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I'm developing an interface between an old web based application and another one. That old web-based application works fine but there no exists any API to communicate with.

There is any programmatic way to say a web-form something like: enter this value on this field, this one ins other and submit form?

UPDATE: I looking for something like this:

WebAutomation w = new WebAutomation("http://apphost/report");
w.forms[0].input[3].value = 123;
w.forms[0].input[4].value = "hello";
Response r = w.forms[0].submit();
...
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Could you go into more detail, specially regarding your 2nd paragraph. –  Ólafur Waage Mar 4 '09 at 23:03
    
I updated with more details. –  FerranB Mar 4 '09 at 23:10

4 Answers 4

up vote 3 down vote accepted

Despite the tag on your question, the answer is going to be highly language specific. There are also going to be wide range of solutions depending on how complex of a solution you are willing to implement and how flexible a result you are looking for.

On the one hand you can accomplish a lot in a very short period of time with something like Python's mechanize, but on the other hand, you can really get into the guts and have a lot of control by automating a browser using a COM object such as SHDocVw (Windows-only, of course).

Or, as LoveMeSomeCode suggested, you can really hit your head against the concrete and start forging POST requests, but good-luck figuring out what the server expects if is doing any front-end processing of the form data.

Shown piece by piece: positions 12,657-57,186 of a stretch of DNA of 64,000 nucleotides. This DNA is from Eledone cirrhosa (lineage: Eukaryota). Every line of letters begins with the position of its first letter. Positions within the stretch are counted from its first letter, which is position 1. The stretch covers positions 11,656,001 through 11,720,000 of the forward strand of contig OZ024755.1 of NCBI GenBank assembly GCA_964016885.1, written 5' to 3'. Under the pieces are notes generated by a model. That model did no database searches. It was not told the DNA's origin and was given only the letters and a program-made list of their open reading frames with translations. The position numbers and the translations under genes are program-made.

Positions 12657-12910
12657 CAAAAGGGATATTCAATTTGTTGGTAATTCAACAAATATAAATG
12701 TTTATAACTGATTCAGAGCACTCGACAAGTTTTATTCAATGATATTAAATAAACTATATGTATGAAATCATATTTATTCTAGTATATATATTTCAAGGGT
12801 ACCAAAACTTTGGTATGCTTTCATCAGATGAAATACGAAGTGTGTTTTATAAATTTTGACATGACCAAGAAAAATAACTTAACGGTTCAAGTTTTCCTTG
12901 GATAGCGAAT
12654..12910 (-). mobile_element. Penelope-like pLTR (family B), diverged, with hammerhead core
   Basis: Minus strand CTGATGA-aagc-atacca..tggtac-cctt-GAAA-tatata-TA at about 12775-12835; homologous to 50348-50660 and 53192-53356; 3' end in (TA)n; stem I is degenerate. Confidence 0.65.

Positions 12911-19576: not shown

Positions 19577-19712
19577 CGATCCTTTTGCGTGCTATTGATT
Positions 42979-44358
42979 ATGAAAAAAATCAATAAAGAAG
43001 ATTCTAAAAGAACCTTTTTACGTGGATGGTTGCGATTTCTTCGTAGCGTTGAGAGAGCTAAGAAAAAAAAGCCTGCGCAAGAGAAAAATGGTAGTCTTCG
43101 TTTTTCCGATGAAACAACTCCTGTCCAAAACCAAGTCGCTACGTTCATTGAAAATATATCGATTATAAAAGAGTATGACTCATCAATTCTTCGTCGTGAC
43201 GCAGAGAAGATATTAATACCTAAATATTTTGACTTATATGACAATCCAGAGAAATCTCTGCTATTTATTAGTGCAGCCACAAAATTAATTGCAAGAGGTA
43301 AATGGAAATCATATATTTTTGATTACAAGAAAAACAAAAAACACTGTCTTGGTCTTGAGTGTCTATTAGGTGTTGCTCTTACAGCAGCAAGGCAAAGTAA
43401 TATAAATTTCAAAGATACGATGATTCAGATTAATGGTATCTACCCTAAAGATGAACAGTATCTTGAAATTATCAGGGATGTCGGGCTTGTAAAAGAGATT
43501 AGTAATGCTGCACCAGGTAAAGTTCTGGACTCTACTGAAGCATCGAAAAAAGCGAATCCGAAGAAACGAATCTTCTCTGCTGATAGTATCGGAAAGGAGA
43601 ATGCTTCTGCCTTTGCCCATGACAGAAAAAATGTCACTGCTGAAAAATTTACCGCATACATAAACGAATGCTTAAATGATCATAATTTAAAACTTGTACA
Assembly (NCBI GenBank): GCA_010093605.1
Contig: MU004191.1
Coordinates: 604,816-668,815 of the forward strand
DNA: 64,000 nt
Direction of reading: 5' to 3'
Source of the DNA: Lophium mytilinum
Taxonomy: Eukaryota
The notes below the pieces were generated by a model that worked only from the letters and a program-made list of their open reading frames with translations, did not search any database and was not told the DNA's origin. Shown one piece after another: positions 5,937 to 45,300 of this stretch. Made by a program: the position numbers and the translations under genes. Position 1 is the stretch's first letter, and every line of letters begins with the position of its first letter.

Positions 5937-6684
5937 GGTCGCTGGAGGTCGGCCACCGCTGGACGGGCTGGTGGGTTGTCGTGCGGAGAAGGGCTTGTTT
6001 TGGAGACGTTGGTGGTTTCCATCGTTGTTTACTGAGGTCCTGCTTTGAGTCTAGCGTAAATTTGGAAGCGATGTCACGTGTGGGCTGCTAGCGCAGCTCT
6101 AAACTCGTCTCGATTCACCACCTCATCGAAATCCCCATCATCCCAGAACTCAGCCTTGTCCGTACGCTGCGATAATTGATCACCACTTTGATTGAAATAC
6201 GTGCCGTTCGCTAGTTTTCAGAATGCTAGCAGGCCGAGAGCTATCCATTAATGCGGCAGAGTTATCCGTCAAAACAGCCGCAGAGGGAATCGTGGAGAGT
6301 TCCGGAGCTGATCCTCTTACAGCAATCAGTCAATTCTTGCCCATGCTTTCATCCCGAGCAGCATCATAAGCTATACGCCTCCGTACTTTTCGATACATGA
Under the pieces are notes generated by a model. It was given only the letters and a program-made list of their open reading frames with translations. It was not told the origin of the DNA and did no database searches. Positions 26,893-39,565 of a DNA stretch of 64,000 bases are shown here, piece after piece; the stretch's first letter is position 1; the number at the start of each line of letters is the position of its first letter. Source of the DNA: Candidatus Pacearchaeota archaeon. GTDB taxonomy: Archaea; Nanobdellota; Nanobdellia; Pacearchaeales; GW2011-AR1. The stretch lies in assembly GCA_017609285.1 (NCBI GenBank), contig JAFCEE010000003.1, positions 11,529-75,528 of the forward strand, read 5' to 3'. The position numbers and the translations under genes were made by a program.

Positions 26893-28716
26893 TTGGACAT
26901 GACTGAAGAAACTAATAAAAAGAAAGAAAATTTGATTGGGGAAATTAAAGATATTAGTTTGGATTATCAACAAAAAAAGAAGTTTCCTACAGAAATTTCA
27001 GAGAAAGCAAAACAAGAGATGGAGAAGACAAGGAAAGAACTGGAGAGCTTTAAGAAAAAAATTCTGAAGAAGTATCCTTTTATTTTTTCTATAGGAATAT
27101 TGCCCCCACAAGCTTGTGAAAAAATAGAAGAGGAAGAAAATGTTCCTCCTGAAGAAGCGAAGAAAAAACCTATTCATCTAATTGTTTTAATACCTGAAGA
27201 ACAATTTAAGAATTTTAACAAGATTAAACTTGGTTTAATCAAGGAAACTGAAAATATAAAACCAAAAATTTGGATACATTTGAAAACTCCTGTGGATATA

EDIT:

One more option, if you are looking for something that you can come up to speed on quickly, is to use a AutoIt's IE module, which basically provides a programmatic interface over an instance of Internet Explorer (its all COM in underneath, of course). Keep in mind that this will likely be the least supportable option you could choose. I have personally used this to produce proof-of-concept automation suites that were then migrated to a more robust C# implementation where I handled the COM calls myself.

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In .NET: http://watin.sourceforge.net/

In ruby: http://wtr.rubyforge.org/

Cross platform: http://seleniumhq.org/

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These first two of these are testing frameworks and the third is macro-based, I'm not sure they are really suitable for the sort of routine automation he is thinking of performing. –  bouvard Mar 4 '09 at 23:50
    
Selenium would be hard for programming to do tasks like this. I've done it before but I know selenium fairly well but it's not designed for that sort of stuff. –  Paul Mendoza Mar 5 '09 at 0:03
    
You could use Selenium IDE (its a firefox plugin) to record what you want. Then you don't have to write the code (although the generated code is probably not the best) –  Robin Clowers Mar 6 '09 at 0:48

You can, but you have to mock up a POST request. The fields (textboxes, radio buttons, etc.) are transmitted as key-value pairs back to the resource. You need to make a request for this resource(whichever one is used in the SUBMIT action for the FORM tag) and put all your field-value pairs in a POST payload no the request. Here's a good program to see what values are being transmitted: http://www.httpwatch.com Or, you can use Firebug, a free Firefox extension.

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The Perl module WWW::Mechanize does exactly that. Your example would look something like this:

use WWW::Mechanize;
my $agent = WWW::Mechanize->new;
$agent->get("http://apphost/report");
my $response = $agent->submit_form(
    with_fields => {
        field_1_name => 123,
        field_2_name => "hello",
    },
);

There is also a Python port, and I guess similar libraries exist for many other languages.

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